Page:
Alternate captain Rasmus Andersson says lifting the Flames out of their funk doesn’t fall solely on the shoulders of Mikael Backlund. “It’s on all players, but it’s on all of us in our leadership group equally.” Photo by Postmedia /File

Indeed, there are only 700-and-some job openings at hockey’s highest level.

In that already-exclusive club, there are just 32 dudes with the honour of captaining their respective squads.

While it’s a prestigious post, few envy the designated face-of-the-franchise when it feels like the wheels have come off. The spokesperson role often seems like a can’t-win if the team … you know … can’t win.

“Backs always says the right things and always plays the right way,” said defenceman Rasmus Andersson, the latest addition to the Flames’ cast of alternate captains. “I get it — it’s tough on him too, especially when you’re on a losing skid like this. But it’s not on Backs. It’s on all players, but it’s on all of us in our leadership group equally. We have to help and support Backs. Sometimes, you have to pick up the slack too, right?

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“But he’s been handling it really well. He’s been nothing but great.”

Head coach Ryan Huska echoed that. While this struggling bunch has some issues to address, starting with turnover troubles and five-on-five scoring woes, the captain isn’t on the list of concerns.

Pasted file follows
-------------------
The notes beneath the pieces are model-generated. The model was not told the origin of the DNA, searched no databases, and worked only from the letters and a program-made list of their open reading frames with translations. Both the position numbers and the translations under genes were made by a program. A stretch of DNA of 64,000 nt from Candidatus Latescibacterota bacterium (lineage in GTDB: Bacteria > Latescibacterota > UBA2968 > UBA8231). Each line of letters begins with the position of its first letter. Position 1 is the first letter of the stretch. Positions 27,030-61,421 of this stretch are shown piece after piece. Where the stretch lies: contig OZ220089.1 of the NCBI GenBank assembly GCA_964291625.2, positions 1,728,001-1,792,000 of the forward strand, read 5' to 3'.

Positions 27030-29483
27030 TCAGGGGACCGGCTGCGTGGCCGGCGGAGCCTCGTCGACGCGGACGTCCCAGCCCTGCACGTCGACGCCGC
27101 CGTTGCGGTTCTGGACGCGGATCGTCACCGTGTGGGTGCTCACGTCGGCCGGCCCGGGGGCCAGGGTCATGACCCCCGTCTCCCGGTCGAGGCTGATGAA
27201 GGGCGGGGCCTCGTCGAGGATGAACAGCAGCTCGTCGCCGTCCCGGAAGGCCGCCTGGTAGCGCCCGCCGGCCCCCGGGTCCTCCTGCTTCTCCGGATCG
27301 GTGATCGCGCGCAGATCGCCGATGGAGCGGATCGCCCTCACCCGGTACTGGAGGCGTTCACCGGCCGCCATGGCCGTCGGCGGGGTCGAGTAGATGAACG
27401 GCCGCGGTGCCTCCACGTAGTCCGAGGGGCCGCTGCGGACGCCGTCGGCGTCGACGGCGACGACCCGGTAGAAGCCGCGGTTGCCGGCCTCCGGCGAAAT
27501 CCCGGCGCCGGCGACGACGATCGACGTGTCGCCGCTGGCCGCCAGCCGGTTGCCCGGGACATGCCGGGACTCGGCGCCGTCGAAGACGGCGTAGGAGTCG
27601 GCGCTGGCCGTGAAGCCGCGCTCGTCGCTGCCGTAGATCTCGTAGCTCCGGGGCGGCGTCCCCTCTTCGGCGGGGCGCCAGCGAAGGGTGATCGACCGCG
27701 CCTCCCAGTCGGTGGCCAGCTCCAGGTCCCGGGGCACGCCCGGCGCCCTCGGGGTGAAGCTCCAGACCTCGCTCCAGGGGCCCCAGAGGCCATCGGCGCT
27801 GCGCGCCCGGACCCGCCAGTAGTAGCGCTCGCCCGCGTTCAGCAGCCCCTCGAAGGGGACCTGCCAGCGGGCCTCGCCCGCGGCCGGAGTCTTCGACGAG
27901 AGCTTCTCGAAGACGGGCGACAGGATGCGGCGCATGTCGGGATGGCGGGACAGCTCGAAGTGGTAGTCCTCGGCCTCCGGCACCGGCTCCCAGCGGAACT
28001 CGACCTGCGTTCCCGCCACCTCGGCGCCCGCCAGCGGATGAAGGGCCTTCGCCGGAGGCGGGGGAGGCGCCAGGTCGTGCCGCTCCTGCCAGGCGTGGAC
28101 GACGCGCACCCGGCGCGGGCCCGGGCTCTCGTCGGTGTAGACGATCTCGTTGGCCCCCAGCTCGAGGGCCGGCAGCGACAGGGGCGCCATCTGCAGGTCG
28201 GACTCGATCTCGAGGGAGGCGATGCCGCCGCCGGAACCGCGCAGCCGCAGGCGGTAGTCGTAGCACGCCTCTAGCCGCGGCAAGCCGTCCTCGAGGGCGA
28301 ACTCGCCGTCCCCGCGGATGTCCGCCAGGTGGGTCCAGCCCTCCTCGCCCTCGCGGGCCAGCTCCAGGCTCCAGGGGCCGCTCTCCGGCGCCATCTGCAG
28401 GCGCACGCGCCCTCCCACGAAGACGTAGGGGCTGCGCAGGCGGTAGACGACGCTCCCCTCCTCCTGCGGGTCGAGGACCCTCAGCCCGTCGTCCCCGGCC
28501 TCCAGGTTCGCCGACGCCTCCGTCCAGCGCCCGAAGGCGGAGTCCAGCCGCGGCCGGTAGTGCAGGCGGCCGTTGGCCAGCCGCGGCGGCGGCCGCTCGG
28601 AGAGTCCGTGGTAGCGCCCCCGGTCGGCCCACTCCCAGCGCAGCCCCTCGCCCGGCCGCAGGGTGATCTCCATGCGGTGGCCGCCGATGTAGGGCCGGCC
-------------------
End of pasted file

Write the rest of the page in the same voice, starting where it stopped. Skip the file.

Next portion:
Huska stressed that Backlund continues to set a positive example — as he put it, “Mikael has the respect of the room and he understands if he doesn’t play the way he needs to play, then it’s OK for other guys to do the same thing” — and the skipper has also noticed that this heart-and-soul centre is now more willing to pipe up when there’s a message to be delivered.

“I think he’s grown a lot, to be quite honest with you,” Huska said of No. 11. “There were times in years prior when you didn’t really hear much from him in certain situations. He’s one of those guys that typically goes out and plays, and he lets a lot of his leading come from his play. But over the last little bit, he’s more vocal now.

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“He’s invested in it. He’s engaged. He wants to help turn the corner with and for our team, so I’ve been really impressed with his progression.”

Backlund will be proud to hear that.

But Calgary’s captain would trade any personal praise for a team triumph. As the Flames headed to Seattle for a divisional dust-up with the Kraken, they were desperate for a W. He was also still shooting for his first goal of the new campaign.

“Everyone wants to score goals and I get to play a lot of minutes, so I want to contribute offensively,” Backlund said. “But the toughest part is that we’re not winning. If we win the next 10 games and I’m still scoreless, I don’t care. I just want to start winning games again.”

On X: @WesGilbertson

Wes Gilbertson and Danny Austin have been covering the Flames for years and know what makes the team tick. Have questions? They have the answers – or the contacts to track them down. Send your questions to